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Jul
13

Action will determine the general quality of life of every creature on the planet…

Action will determine the general quality of life of every creature on the planet into the distant future.

Inaction will lead to death for all, soon..

Whether we act decisively out of knowledge, reason and forethought, or wait until we have no choices left and our hands are finally forced, will define the quality of humanity at the point of the greatest crisis in our history.

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The Final Acceleration – Just Waiting for the Great Disruption?
The world seems dominated by two loud and bizarrely inconsistent narratives. One narrative constantly assures us that things have never been so good as they are now, and are just getting better all the…

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12 comments

  1. Emily Bernier
    Emily Bernier says:

    Thoughtful and well written… Good read.

    Humans still haven't fully grasped the concept of this planet being a part of us. We see our planet as a resource rather than the life sustaining organism that she is. We are biting the hand that feeds.

    I agree with article in that we will eventually be forced to see our impact. When the average suburbanite takes their trash to the curb every week, they don't even have to think about where it goes. We call this taking the trash "out", but where is "out"?

  2. David Lazarus
    David Lazarus says:

    +Woozle Hypertwin – Check out this post.

  3. Woozle Hypertwin
    Woozle Hypertwin says:

    +David Lazarus : interesting article.

    "The most bizarre aspect of it all is that, just as we are reaching the Limits to Growth that were foreseen in 1972, so too is the denial of the very existence of those limits reaching an ever more shrill crescendo."

    Even as we speak, I'm engaged in a death-match with a couple of global-warming "skeptics" in another thread…

    I dislike the self-blame, though:

    " It is us – those of us born since World War II – that will be seen to have had the most lavish lifestyles ever; and the tragedy is that as a direct result, we have cheated Generation Alpha of their chance for equally good lifestyles."

    Those of us reading this article are far less likely to be among those who were uninterested in switching to more sustainable methodologies. I'd rather put blame where it's due than take some supposed high-road of accepting equal responsibility. I've been strongly in favor of getting off fossil-fuels ever since the oil crises in the 1970s, and where possible have voted and acted accordingly. I'm sure many other people of my generation have as well. The problem is that we are overruled by those who hold the keys to public opinion.

    And finally: it's not clear whether the author believes a sustainable lifestyle is possible without greatly reducing our quality of life, but I believe it is. Much of the waste involves things we would be happier without — competitive advertising, cheap plastic party favors, socially-mandated cosmetics, ever-changing fashion, planned obsolescence…

  4. David Lazarus
    David Lazarus says:

    Yeah, what the heck is Generation  Alpha?  Why don't they use the Declaration of Independence standard?  The people who signed it being Generation 1 and new generations every 20 years.  I am of Generation 13 (those born between 1961 and 1981).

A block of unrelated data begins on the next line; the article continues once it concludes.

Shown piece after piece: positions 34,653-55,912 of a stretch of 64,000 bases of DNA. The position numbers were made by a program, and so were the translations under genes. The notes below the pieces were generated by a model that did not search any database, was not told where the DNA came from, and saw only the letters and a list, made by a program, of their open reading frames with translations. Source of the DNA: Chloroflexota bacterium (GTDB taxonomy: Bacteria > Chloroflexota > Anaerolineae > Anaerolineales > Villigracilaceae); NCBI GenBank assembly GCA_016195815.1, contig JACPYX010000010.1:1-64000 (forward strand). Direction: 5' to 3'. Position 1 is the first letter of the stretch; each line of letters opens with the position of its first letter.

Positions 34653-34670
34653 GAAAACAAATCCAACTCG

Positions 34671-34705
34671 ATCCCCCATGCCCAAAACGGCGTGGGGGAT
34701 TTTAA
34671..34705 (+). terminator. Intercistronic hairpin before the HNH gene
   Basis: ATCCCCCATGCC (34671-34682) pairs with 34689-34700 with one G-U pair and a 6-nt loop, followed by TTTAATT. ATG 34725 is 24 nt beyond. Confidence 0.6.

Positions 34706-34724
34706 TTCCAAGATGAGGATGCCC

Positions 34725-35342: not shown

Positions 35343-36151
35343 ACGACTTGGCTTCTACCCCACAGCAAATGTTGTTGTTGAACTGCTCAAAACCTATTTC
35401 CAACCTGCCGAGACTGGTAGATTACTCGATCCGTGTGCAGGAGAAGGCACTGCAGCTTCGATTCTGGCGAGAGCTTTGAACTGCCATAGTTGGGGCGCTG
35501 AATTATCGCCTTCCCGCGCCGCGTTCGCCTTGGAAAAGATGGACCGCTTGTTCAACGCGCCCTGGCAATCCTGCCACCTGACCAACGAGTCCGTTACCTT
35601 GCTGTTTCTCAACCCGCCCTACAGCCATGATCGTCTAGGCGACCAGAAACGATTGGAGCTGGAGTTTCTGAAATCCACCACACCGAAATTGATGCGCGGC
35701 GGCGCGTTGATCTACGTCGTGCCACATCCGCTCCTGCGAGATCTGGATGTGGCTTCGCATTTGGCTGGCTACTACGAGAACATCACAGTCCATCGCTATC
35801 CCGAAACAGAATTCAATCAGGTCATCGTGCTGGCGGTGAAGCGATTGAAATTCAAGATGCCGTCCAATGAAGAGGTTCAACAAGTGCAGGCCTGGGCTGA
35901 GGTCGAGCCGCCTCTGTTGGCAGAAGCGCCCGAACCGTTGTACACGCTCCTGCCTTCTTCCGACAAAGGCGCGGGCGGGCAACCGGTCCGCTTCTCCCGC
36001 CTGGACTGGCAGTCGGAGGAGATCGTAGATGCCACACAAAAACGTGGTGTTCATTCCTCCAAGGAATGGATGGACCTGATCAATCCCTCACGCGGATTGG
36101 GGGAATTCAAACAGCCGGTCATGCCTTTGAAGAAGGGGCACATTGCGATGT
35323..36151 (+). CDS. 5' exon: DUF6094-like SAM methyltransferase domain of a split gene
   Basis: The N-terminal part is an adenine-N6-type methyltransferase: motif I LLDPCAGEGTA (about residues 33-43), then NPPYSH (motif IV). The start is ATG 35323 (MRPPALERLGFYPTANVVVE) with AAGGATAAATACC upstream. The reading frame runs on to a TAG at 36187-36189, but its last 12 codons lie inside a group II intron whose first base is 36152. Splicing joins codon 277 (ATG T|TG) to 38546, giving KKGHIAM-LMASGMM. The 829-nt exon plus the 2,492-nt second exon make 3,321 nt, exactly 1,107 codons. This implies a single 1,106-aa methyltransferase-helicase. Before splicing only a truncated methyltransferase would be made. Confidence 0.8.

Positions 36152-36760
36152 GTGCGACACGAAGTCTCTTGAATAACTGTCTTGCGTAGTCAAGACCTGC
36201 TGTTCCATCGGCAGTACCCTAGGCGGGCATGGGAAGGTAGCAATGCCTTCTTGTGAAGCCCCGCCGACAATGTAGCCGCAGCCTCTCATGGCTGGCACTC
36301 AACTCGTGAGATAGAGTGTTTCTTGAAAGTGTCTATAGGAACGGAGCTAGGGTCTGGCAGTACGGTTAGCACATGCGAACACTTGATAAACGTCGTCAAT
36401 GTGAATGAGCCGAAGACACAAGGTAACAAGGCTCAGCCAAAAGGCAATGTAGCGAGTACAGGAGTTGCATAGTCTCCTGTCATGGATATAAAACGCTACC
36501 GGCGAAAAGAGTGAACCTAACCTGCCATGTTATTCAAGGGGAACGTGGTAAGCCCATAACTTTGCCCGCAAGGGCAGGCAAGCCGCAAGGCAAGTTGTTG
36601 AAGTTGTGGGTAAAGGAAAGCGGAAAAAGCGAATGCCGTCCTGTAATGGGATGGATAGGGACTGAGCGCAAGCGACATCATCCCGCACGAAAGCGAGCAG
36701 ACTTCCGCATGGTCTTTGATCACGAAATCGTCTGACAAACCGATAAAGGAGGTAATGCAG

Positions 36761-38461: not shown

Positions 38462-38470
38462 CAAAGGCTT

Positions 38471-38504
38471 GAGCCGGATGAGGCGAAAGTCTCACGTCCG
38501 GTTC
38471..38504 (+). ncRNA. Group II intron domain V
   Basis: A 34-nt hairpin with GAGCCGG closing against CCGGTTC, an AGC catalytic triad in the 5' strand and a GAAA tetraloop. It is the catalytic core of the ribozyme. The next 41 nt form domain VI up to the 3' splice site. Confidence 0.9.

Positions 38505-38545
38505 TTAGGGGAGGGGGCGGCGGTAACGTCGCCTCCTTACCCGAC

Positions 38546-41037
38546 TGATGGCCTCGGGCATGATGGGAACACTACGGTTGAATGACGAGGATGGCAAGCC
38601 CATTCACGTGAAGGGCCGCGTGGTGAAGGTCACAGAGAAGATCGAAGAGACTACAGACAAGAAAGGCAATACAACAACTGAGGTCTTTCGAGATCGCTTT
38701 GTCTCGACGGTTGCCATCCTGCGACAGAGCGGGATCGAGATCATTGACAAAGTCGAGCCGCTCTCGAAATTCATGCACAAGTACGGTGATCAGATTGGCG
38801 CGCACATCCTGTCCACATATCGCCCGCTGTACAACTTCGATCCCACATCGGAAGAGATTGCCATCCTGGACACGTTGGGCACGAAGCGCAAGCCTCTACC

I agree with your final analysis.

  5. Chris George
    Chris George says:

    I would agree that there exists more sustainable ways forward that would be more egalitarian, better for the environment and may even give us a chance to manage down our numbers in a humane way.

    I just don't see any of them as being very likely to make it to the top of the list in time to implement them.

  6. Woozle Hypertwin
    Woozle Hypertwin says:

    +Chris George : that's a political problem, not a technical one — and until we recapture the decisionmaking process from the powermongers, we won't be able to solve any large-scale problems, no matter how technically simple the solution might be.

  7. Chris George
    Chris George says:

    The political problem is now the engineering problem. It is what stands in the way of a solution.

  8. Woozle Hypertwin
    Woozle Hypertwin says:

    Yes. The political problem is what we need to be focusing on.

  9. Chris George
    Chris George says:

    It sounds easy.

    Its not. I ran for the Green Party here in British Columbia in our provincial election in May. Voters are not terribly interested in the future unless it comes with a side of "growth" and "prosperity" with a slathering of "jobs".

    I spoke in front of almost 900 people at town halls and another 500 on the doorsteps. Political change will require organization and lots and lots of money. We could wish that it wasn't so, but that, unfortunately, is the root of the problem.

    So we are now busy building an organization. It will take too long and has little chance of succeeding. It is sort of like social change in that way.

  10. Woozle Hypertwin
    Woozle Hypertwin says:

    I'm building open-source software infrastructure for democratic organizations. Maybe that will be useful to you when it's ready.

  11. Chris George
    Chris George says:

    Local economy, local currency.

    I have been working out what an autarky will look like from where I sit. Plan for the shit to get real, then look at what is necessary to do today to help us maintain a decent standard of living right here. Starting in my garden. :-)

  12. Woozle Hypertwin
    Woozle Hypertwin says:

    That's one of many tools which I believe will contribute to a positive outcome. I've described a related idea here:
    http://instagov.com/wiki/Federated_retail

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